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What is advanced cancer?

Advanced cancer

Cancer is a disease of the cells, which are the body’s basic building blocks. It occurs when abnormal cells divide and multiply in an uncontrolled way. Advanced cancer means the cancer has spread from the original (primary) site or has come back (recurred).

Health professionals use several different terms to describe cancer that has moved beyond early stages, including secondary, metastatic, stage 4 and advanced. Sometimes health professionals don’t use a particular name. Regardless of the words used, it’s frightening to hear that the cancer has spread or come back.

The cancer that first develops in an organ or tissue is known as the primary cancer. It is considered locally advanced if the tumour is very large or the cancer has spread to nearby tissues.

If cancer cells from the primary site break away and travel through the bloodstream or lymph vessels to other parts of the body, they can grow and form another tumour at a new site. This is called a secondary cancer or metastasis.

Image of how cancer spreads with accompanying text


Getting help and support

This may be the first time you consider end-of-life issues and advanced cancer. Take your time. Read what seems useful now and leave the rest until you’re ready. If you or your family have any questions, call Cancer Council on 13 11 20. Ask about joining  a support group or our  online discussion forum to connect with others who have a similar experience.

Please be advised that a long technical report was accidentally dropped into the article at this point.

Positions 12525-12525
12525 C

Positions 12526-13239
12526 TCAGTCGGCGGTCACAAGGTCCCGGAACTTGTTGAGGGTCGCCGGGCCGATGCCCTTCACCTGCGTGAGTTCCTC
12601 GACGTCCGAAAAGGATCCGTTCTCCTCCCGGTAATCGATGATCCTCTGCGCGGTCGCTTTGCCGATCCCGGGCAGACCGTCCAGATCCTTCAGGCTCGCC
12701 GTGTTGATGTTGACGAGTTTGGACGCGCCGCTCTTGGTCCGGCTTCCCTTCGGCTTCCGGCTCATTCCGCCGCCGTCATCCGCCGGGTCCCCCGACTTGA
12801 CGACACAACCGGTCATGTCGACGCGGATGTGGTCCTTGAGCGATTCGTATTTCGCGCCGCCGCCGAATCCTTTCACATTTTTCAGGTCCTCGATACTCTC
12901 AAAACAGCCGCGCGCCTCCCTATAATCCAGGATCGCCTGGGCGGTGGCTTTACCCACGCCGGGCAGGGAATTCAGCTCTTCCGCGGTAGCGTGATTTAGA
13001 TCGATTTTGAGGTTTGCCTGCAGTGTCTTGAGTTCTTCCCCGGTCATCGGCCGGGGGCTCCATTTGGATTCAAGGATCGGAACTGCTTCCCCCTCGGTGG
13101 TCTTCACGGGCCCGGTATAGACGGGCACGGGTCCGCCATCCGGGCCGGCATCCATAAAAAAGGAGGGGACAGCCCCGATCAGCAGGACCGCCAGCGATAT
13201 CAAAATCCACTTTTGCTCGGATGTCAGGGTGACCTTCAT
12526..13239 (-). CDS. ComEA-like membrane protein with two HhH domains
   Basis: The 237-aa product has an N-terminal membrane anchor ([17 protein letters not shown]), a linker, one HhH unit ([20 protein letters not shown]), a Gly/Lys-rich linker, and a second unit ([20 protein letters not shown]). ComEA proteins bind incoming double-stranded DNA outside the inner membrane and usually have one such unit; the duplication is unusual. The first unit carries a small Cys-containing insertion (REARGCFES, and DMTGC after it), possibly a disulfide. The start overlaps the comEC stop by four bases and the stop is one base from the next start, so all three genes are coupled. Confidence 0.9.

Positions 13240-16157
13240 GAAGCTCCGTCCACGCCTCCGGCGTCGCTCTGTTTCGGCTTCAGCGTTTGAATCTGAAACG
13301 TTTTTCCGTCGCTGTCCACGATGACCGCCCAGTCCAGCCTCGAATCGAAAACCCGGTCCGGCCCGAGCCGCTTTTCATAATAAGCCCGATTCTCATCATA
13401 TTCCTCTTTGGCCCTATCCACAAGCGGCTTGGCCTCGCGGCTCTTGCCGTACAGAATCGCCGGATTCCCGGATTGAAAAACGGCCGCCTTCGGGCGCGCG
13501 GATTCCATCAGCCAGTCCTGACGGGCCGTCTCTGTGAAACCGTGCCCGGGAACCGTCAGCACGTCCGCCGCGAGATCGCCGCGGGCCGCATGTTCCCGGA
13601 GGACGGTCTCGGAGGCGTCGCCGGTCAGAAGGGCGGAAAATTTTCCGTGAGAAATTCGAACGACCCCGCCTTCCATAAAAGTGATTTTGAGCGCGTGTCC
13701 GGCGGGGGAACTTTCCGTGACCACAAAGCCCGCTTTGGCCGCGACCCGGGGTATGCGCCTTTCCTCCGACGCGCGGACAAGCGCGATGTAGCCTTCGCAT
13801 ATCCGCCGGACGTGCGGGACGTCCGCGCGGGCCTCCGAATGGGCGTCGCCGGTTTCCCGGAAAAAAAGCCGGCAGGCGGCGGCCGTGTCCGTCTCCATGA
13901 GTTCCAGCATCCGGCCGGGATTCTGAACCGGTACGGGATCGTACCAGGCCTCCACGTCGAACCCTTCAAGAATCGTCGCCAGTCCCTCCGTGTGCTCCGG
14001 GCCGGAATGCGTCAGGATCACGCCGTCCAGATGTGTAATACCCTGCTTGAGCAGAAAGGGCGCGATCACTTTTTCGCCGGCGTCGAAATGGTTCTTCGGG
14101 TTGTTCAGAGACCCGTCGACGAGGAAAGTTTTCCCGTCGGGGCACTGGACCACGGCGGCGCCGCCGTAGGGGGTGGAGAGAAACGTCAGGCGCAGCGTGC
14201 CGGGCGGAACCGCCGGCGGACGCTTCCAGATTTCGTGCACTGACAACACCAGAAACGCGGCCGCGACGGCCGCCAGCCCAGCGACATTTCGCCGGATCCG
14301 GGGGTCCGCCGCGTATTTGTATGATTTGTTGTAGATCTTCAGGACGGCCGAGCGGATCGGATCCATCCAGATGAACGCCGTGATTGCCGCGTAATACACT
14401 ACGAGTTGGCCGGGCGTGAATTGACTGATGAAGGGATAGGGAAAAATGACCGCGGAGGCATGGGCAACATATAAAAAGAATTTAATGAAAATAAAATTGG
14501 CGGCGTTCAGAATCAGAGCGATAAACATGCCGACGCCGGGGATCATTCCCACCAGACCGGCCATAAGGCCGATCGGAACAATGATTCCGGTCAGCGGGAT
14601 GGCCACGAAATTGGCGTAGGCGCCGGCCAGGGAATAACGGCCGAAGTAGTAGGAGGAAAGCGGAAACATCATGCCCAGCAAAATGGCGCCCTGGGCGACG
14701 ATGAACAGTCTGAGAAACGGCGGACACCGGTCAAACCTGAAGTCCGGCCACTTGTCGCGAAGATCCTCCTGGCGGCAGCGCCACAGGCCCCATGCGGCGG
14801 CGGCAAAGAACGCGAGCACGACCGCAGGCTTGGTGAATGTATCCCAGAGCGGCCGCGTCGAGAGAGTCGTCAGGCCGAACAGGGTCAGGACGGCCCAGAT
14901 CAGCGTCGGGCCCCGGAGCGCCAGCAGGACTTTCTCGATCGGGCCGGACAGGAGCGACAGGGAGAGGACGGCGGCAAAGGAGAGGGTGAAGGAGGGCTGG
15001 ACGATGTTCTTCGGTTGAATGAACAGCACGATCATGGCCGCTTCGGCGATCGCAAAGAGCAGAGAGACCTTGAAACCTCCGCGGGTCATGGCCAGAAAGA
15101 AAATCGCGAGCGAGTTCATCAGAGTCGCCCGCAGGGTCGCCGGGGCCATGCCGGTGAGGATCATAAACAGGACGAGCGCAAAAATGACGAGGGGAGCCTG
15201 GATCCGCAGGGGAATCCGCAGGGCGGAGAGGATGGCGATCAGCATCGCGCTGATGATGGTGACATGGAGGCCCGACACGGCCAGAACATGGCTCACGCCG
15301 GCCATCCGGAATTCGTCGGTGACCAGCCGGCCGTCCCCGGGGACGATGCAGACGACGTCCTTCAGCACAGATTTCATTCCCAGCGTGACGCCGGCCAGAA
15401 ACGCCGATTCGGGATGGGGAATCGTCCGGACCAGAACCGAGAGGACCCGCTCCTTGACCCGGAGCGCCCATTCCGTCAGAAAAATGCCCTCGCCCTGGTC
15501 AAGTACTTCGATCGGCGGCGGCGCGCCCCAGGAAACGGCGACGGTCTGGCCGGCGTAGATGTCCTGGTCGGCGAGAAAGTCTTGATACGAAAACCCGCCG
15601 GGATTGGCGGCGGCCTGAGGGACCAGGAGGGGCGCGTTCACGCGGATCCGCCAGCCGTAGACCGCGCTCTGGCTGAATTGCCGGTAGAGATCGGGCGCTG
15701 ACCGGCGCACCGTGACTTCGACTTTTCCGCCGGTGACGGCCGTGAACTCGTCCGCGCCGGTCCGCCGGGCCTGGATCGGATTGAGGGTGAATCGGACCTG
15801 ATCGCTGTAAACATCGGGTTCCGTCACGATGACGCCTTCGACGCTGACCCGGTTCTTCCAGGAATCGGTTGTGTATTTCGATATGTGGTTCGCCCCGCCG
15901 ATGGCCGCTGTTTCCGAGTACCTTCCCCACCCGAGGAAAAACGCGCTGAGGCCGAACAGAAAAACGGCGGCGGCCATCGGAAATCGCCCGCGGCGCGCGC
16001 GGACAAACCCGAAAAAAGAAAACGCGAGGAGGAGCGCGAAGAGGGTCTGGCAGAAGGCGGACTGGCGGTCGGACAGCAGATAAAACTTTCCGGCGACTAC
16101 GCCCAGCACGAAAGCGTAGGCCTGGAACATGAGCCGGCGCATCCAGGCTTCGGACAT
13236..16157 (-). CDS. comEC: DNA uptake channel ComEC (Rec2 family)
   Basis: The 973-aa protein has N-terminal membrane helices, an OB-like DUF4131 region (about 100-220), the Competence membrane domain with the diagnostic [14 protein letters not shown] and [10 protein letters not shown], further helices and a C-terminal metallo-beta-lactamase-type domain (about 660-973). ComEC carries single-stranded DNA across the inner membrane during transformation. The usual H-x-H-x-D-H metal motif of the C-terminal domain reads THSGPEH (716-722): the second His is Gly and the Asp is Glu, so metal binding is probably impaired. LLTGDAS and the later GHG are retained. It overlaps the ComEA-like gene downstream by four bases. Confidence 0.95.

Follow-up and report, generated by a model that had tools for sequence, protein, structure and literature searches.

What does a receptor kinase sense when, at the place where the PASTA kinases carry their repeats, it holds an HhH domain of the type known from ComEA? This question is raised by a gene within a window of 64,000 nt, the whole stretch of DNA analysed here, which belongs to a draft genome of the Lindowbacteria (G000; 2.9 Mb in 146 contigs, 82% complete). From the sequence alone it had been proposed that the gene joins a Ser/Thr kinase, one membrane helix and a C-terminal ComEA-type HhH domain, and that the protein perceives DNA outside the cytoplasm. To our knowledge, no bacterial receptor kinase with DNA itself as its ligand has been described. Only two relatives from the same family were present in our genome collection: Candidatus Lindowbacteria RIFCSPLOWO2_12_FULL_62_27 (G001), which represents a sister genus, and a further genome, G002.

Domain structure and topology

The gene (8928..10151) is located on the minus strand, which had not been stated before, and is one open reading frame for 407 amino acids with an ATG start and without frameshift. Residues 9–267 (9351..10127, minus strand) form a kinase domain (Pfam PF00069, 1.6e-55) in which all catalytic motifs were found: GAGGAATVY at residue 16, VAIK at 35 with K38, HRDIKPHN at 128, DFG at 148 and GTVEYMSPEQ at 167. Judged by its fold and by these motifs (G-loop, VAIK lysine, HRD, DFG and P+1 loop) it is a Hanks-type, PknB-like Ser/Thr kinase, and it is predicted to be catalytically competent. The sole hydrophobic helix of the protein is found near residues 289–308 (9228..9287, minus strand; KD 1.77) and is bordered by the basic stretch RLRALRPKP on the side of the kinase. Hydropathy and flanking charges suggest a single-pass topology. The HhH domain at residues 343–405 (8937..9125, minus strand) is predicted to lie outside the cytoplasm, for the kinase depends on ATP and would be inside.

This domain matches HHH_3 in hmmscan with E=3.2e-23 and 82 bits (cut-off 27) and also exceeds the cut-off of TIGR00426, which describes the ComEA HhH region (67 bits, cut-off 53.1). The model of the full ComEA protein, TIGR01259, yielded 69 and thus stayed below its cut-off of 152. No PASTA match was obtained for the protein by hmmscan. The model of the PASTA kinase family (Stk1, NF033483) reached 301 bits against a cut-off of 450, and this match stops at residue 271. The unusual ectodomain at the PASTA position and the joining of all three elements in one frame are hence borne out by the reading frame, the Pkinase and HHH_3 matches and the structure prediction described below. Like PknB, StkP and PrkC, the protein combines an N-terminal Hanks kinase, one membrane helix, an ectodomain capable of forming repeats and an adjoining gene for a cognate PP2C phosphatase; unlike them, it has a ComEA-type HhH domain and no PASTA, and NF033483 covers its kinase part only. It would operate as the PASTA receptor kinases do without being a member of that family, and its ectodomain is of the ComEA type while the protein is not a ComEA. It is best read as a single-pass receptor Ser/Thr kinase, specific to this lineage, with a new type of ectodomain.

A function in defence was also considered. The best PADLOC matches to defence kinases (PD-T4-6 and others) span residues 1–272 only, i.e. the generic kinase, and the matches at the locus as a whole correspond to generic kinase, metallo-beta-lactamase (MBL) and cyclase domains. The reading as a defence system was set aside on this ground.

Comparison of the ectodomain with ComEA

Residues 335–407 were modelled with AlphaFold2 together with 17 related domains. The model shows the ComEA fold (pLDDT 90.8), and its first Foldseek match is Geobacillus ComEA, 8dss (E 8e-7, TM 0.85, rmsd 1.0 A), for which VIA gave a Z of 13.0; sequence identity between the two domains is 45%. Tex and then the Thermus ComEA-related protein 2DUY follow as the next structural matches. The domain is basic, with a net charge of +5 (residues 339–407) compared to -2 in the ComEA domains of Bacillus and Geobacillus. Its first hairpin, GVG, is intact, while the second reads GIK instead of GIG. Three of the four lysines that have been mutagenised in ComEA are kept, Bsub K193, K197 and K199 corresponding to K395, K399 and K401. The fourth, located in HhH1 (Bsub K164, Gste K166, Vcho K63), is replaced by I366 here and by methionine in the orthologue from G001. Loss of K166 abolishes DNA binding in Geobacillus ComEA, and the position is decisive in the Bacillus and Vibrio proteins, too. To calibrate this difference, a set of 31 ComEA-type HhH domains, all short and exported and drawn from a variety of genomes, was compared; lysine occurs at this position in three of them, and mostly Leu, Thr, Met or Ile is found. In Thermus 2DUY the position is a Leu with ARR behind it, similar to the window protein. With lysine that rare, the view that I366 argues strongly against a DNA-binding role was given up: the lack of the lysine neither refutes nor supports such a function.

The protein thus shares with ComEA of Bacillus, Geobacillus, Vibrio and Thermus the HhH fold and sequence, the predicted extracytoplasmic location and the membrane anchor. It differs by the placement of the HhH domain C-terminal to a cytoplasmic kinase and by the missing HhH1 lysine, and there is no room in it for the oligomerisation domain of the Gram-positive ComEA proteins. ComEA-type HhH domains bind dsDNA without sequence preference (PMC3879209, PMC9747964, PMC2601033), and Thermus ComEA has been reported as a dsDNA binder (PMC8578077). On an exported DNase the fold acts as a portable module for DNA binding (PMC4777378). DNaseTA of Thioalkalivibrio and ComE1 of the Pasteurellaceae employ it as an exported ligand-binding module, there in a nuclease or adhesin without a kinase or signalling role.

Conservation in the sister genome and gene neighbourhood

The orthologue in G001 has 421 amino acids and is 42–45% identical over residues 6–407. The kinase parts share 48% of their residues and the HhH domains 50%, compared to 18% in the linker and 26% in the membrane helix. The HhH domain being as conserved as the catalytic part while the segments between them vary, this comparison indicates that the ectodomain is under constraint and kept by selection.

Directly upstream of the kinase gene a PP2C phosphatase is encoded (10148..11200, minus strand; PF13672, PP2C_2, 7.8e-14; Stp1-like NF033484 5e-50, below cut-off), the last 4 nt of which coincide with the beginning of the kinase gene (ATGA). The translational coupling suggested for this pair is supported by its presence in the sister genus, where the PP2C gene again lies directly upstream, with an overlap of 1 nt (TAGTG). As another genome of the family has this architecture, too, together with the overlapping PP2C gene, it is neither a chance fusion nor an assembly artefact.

You may find information about facing the end of life or understanding palliative care more useful at this time. The podcast, The Thing About Advanced Cancer,  provides insights to help you navigate through these challenging times.

Ways to share how you're feeling

Everyone responds to a cancer diagnosis in their own way. How you feel and how you want to communicate that can also change over time and may depend on how well you feel or what other things are going on in your life. You might like to share your experience using some of the ideas below: 

Choose a key contact - Some people find that having one family member or friend as a central contact person means you don’t have to repeat information. You can tell that person what information you are happy for them to share – and what areas you might need some help with – and they can manage people’s concerns along with their offers of help. 

Use technology - There are many ways to keep friends and family updated when you don’t have the time or energy to talk with people individually. Use text messages, email, blogs or social media, or write one letter and send copies to friends and family. 

Have open conversations - It can help to be open, honest and direct about when you need to share, and what you need most. For example, a text saying you’d like to talk on the phone and is now a good time or asking if you can catch up in person as you need a hug and someone to listen more than a big conversation. 

Get creative - You can explore your feelings by writing in a journal, creating artwork or composing a song. You can choose whether to share your work or keep it to yourself or save it as a gift for someone later. 

When you don’t want to talk - Sometimes you may not want to share your fears and concerns with your family and friends. This is completely normal. Rather than ignoring messages, it can help to let people know if you just don’t want to talk right now. 

Services for people with advanced cancer and carers

Carer services